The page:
Calls continue to mount for the federal government to expedite its efforts to evacuate more Canadians and Afghans from Afghanistan after the Taliban swiftly took over the country last month.
Taliban celebrate return to power as U.S. leaves Afghanistan after 20-year war
At the end of August, the terrorist entity celebrated as the last American plane left Kabul airport, along with the hopes of many Afghans trying to flee.
“I am scared for myself because if I am not alive with my family, what will they do?” said John, a pseudonym Global News is using to protect the identity of the former language assistant.
“I am particularly worried about my family because I am the only one who is taking care of them, and the situation of Afghanistan is getting worse and worse because the people are jobless now. They don’t have any work, and the people don’t have any money. The banks are closed, and the economy is going down. The people are being killed.”
Interpreters are fleeing Afghanistan. What’s happened and how Canada is helping
John’s ties to Canada have him afraid for his wife and children. He said he fears the Taliban will eventually find him.
“Some of the people are being gotten out of their homes and killed. Some of the people who used to work with intelligence or interpreters, they are trying to hide,” John said.
“Unfortunately, I am one of them.”
U.S. completes withdrawal of troops from Afghanistan, ending America’s longest war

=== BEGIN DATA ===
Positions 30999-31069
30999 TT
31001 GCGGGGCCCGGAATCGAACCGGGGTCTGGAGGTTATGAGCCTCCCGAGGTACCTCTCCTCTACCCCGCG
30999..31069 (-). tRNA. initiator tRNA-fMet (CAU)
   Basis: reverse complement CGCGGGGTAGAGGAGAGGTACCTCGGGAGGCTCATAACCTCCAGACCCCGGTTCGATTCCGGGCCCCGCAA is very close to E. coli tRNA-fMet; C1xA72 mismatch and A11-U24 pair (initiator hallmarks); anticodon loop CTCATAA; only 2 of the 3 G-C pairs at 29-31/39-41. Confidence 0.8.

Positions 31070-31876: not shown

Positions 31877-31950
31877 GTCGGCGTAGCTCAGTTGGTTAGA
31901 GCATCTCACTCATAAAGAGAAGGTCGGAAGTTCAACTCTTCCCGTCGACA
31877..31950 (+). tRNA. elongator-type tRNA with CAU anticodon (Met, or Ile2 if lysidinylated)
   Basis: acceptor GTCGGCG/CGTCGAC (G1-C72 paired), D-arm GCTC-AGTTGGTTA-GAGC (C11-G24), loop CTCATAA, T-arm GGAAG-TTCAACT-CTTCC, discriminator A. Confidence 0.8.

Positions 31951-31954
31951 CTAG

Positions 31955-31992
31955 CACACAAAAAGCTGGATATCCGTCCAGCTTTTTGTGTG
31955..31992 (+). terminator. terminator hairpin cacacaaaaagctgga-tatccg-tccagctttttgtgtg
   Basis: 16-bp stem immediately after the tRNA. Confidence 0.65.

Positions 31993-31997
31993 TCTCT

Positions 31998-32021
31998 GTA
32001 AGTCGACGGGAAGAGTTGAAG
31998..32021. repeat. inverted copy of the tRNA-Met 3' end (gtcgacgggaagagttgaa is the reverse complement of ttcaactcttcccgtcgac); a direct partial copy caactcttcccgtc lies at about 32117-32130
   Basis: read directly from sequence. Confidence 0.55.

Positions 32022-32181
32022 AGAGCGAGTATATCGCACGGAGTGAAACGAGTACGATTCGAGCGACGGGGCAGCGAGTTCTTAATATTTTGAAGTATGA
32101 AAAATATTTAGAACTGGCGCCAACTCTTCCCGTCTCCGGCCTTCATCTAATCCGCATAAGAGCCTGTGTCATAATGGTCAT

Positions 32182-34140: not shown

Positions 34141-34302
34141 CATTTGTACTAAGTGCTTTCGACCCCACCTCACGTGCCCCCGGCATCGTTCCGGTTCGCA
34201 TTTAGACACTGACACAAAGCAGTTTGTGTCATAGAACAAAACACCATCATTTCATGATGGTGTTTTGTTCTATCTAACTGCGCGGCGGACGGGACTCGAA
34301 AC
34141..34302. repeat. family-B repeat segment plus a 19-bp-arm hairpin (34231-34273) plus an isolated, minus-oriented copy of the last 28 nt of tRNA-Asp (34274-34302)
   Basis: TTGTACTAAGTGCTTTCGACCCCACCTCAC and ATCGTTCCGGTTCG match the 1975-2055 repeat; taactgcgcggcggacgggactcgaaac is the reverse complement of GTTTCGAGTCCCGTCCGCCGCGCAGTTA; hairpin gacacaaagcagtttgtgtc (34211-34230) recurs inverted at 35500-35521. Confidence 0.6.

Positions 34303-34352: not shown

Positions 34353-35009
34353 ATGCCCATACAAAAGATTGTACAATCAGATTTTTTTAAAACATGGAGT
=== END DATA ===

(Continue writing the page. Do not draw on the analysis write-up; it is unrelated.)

Global News first learned of John’s story through Afghanistan war veterans Daphne and Mike ter Kuile, who are from Calgary. The pair said there has been progress from Ottawa recently, but now, radio silence.
Amber Alert for 3-year-old Ontario girl cancelled after she was found safe, OPP say
Protesters throw small rocks, debris at Trudeau as he leaves Ontario campaign stop
“[The federal government was] going to be reaching out to John, and they would be taking the file onwards from this point… But when we talked to him, and we discovered that nobody has been in contact with him, not even once, it makes me very concerned that this is going to happen at all,” Daphne said.
Afghan interpreter says some feel ‘ashamed’ for helping Canada as officials flee Kabul
The odds of John escaping without outside help are extremely low, the ter Kuiles said.
“This is something of novels that you read about,” Mike said.
“There are so many variables there, too many ifs, so his odds are not good,” Daphne added.
Former Afghan interpreter pleads for resettlement help to evacuate his family to Calgary
On Friday, Immigration, Refugees and Citizenship Canada said the situation in Afghanistan remains fluid, and it continues to be in regular contact with Canadian citizens, permanent residents and Afghan applicants. It is exploring options for the reopening of Kabul airport as soon as security can be restored for safe passage.
“I will not stop in trying to find any kind of avenue to any kind of door to open to help John and his family get to this country,” Mike said.
“I really want Canadians to understand from the people that actually were on the ground there in Afghanistan how important these people became to our successes there.”
‘They tear at our souls’: Canada ends Kabul evacuation effort as many left behind
But John remains trapped.
“I feel like I’m in prison right now,” John said.
“The people who are going to rule, we don’t know how they are going to rule, what will be their standards of life and what opportunities can we get for our children, for the future, for ourselves, so everything is confusing here.
Taliban claims control of Panjshir, Afghanistan’s last holdout province
© 2021 Global News, a division of Corus Entertainment Inc.